“The primary goal is exposure,” said Mark Melrose, a Waynesville attorney whose daughter goes to Central and who filed the lawsuit. “This decision came out of left field for the parents and students of Central Elementary School. We had no inkling this was coming. It just smelled funny to me, and the primary purpose of this lawsuit is to open the doors and windows and bring the sunlight in.”
The lawsuit alleges that the school board was plotting to close Central for some time, but intentionally kept the public in the dark, resulting in violations of the Open Meetings Law and the statutory process for closing a school.
Melrose obtained video recordings of a school board committee meeting the week before they publicly announced that Central was slated for closure. Melrose said the recording reveals a “shell game” to keep the issue under wraps until the 11th hour.
“It seems to me the school board was afraid to let the public in as a stakeholder in the decision-making process,” Melrose said. “Their message to the public is ‘You have no good ideas.’ If they wanted our input, they would have involved us in the process.”
Melrose said as an attorney, he felt obligated to do his part to give a voice to the students and parents at Central who were shut out.
“The number one lesson is transparency is not a bad thing. The public is not the enemy,” Melrose said.
Central was targeted for consolidation, with its 230 students sent to other elementary schools, as a cost-cutting measure, according to school officials. However, Melrose said behind-the-scenes conversations from the recorded school board committee meeting show that there was an ulterior motive at play.
The school system administration will likely be kicked out of their central office location in the coming year to make way for an affordable housing complex. The school system intended all along to convert Central Elementary into its new central office location, Melrose said, based on revelations in the recording.
Melrose said the one thing that was strikingly absent from the discussions on the recording was student welfare, which the school board is supposed to take into account as part of the statutory decision making process.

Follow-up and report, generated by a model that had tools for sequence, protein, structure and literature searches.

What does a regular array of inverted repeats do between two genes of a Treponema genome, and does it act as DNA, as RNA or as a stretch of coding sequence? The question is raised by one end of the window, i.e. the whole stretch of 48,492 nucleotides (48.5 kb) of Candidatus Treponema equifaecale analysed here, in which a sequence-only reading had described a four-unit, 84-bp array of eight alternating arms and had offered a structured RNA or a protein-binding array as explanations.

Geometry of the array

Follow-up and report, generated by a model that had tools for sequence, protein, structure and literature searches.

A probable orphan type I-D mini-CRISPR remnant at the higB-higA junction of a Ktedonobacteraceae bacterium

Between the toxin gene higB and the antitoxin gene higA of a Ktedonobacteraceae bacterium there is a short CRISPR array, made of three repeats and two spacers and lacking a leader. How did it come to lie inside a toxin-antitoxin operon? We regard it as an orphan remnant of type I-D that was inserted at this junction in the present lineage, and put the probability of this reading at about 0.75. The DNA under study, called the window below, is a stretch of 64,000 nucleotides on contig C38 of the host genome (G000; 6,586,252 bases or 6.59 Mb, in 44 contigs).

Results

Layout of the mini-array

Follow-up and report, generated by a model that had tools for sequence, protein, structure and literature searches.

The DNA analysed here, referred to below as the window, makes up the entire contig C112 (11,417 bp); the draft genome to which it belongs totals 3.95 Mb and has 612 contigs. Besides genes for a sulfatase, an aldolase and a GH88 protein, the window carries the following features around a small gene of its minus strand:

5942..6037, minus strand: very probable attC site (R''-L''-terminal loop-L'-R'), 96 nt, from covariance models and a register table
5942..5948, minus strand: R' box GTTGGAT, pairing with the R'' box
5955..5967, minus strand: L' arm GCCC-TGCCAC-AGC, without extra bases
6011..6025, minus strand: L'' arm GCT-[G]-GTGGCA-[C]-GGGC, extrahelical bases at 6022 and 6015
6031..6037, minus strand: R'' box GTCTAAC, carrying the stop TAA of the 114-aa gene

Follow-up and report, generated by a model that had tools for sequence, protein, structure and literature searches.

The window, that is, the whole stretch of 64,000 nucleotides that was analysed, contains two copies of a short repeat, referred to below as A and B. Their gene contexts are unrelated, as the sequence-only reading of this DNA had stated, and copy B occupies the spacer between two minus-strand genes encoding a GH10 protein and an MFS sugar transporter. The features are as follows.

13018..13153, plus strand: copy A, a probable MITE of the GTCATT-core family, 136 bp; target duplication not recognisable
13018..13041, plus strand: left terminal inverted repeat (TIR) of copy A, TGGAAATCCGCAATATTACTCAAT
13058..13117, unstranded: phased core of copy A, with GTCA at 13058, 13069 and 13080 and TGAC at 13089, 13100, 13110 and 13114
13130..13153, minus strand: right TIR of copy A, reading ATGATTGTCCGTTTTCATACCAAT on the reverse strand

Five seats on the school board are up for election this year. The candidate sign-up period is in July. Melrose said he isn’t running, but hopes that some “engaged, independent thinkers” who won’t simply rubber-stamp what school administrators hand them will run.
“They need people on there whose primary focus is on the children and who have some courage,” Melrose said.
The lawsuit was filed Tuesday afternoon, just before The Smoky Mountain News’ press deadline. More thorough coverage of the lawsuit and the findings of Melrose’s probe into what went on behind the behind-the-scenes during the school board’s decision making process will appear in next week’s edition as The Smoky Mountain News continues to follow the story.
Haywood County School Board Attorney Pat Smathers was unable to offer a comment on the lawsuit before press time, having just obtained a copy of it himself.
Smathers said he was confident, however, that the school system had followed the statutory requirements for closing a school and that there were no grounds for a judge to grant an injunction halting Central’s closure.
“We will respond as appropriate, but my advice to the school board will be to continue on with the plans,” Smathers said.